When making decisions, businesses must provide and be able to gather relevant and accurate financial information. Being able to gather and understand this information helps companies make the best informed decisions for business operations, which can only benefit the company. When it comes to gathering the information needed, it is pertinent that companies fully understand each step of the accounting cycle.
Averkamp (2010) defines the accounting cycle as: “a process that includes the following steps: identifying, collecting and analyzing documents and transactions, recording the transactions in journals, posting the journalized amounts to accounts in the general and subsidiary ledgers, preparing an unadjusted trial balance, perhaps preparing a worksheet, determining and recording adjusting entries, preparing an adjusted trial balance, preparing the financial statements, recording and posting closing entries, preparing a post-closing trial balance, and perhaps recording reversing entries” (p. ).
The accounting cycle is made op of eight basic steps witch include The basic steps in the accounting cycle are (1) identifying and measuring transactions and other events; (2) journalizing; (3) posting; (4) preparing an unadjusted trial balance; (5) making adjusting entries; (6) preparing an adjusted trial balance; (7) preparing financial statements; and (8) closing. Identifying and measuring transactions and other events The first step in the accounting cycle is determining what information that should be recorded.
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Kieso, Weygandt & Warfield (2007) explain that items should be recognized if, “it is an element, is measurable, and is relevant and reliable” (p 68). Companies are able to recognize as many dealings as they wish, especially if they feel that these dealings will affect the financial position of the company. Journalizing Journalizing includes entering the financial transactions and events into a journal. As part of the journalizing process general ledger, t-accounts, and general journals are used.
Kieso, Weygandt & Warfield (2007) explain that the general ledger “contains all the assets, liability, stockholders’ equity, revenue, and expense accounts” (p 69). T-accounts are used to visualize the affects of the debit and credit on more then one account. A “general journal chronologically lists transactions and other events, expressed in terms of debits and credits to accounts” (Kieso, Weygandt & Warfield, 2007, p 69). Posting Posting, defined by Kieso, Weygandt & Warfield (2007) is the process of transferring journal entries to the ledger accounts.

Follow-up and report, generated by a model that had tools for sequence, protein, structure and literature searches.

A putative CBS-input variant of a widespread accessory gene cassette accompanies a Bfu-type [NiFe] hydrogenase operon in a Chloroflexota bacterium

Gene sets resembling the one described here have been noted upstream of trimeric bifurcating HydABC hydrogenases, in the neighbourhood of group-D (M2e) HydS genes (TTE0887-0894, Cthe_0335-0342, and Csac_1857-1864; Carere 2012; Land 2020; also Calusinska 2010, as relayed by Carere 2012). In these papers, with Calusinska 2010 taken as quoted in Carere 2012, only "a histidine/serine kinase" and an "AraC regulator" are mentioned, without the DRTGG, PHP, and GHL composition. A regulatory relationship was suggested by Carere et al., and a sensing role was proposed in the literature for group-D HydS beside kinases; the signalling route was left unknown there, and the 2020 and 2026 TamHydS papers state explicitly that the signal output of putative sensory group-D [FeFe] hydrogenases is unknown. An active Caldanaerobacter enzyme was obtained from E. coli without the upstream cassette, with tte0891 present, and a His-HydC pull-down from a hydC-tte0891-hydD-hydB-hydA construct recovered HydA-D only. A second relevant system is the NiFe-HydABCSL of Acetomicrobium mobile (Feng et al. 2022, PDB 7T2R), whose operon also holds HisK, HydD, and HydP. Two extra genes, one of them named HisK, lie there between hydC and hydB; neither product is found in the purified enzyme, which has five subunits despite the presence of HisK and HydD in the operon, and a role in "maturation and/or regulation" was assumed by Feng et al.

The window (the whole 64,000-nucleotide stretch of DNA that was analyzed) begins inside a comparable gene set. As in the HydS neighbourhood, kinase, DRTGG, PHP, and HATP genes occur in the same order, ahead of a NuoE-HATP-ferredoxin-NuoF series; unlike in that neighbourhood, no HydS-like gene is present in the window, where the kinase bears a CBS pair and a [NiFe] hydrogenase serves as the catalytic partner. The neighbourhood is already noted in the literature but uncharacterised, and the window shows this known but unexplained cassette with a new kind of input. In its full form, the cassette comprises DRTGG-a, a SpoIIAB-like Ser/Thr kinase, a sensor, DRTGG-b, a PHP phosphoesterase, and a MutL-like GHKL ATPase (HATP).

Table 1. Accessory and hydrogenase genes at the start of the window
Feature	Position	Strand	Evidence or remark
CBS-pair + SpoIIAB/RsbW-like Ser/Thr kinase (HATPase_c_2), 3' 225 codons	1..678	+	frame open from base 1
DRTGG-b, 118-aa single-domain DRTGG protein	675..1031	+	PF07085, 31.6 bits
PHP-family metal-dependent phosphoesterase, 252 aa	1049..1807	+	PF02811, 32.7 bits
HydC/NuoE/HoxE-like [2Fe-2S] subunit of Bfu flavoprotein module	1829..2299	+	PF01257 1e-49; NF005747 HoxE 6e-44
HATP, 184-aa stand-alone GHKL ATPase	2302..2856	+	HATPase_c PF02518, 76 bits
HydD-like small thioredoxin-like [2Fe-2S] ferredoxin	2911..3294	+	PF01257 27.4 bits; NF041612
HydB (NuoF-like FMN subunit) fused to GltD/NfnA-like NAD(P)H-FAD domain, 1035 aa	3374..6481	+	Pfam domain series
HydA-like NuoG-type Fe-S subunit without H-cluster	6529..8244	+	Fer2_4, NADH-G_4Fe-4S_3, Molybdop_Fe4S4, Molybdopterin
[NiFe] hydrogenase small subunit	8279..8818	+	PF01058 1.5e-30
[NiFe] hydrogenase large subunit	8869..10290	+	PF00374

The general ledger provides information for the Balance Sheet . Trial Balance The trial balance step in the accounting cycle is the process of totaling the debits and credits and making sure that the sum of all debits equals the sum of all credits. Kieso, Weygandt & Warfield (2007), state that the procedures for preparing a trial balance includes, “listing the account titles and their balances; totaling the debit and credit columns; and providing the equality of the two columns” (p. 74).
Adjusting Entries Adjusting Entries are journal entries that are made at the end of the accounting period, to adjust expenses and revenues to the accounting period where they actually occurred” (Cram, 2011, p 1). Adjusting entries are required every time the company prepares financial statements. Adjusting entries can be classified as prepayments or accruals. The purpose for this step in the accounting cycle is to determine the net income for the current period and to achieve an accurate statement of the end-of-the-period balance in assets, liabilities, and owners’ equity (Kieso, Weygandt & Warfield, 2007).
Adjusted trial balance The next step in the accounting cycle is the step adjusted trial balance. This step is important because it is where companies make sure that the debits still equal the credits after making the adjustments in the previous step. Kieso, Weygandt & Warfield (2007) explain that, “It shows the balance of all accounts, including those adjusted, at the end of the accounting period” (p. 84). Preparing Financial Statements
The seventh step in the accounting cycle is where the company would prepare the financial statements from the second trial balance. Closing The last step in the accounting cycle is closing entries. This is where companies prepare and post closing entries in order to transfer balances from temporary accounts to owner’s equity on the balance sheet. This step reduces the balance of normal accounts to zero to prepare the accounts for the next period’s transactions (Kieso, Weygandt & Warfield, 2007).
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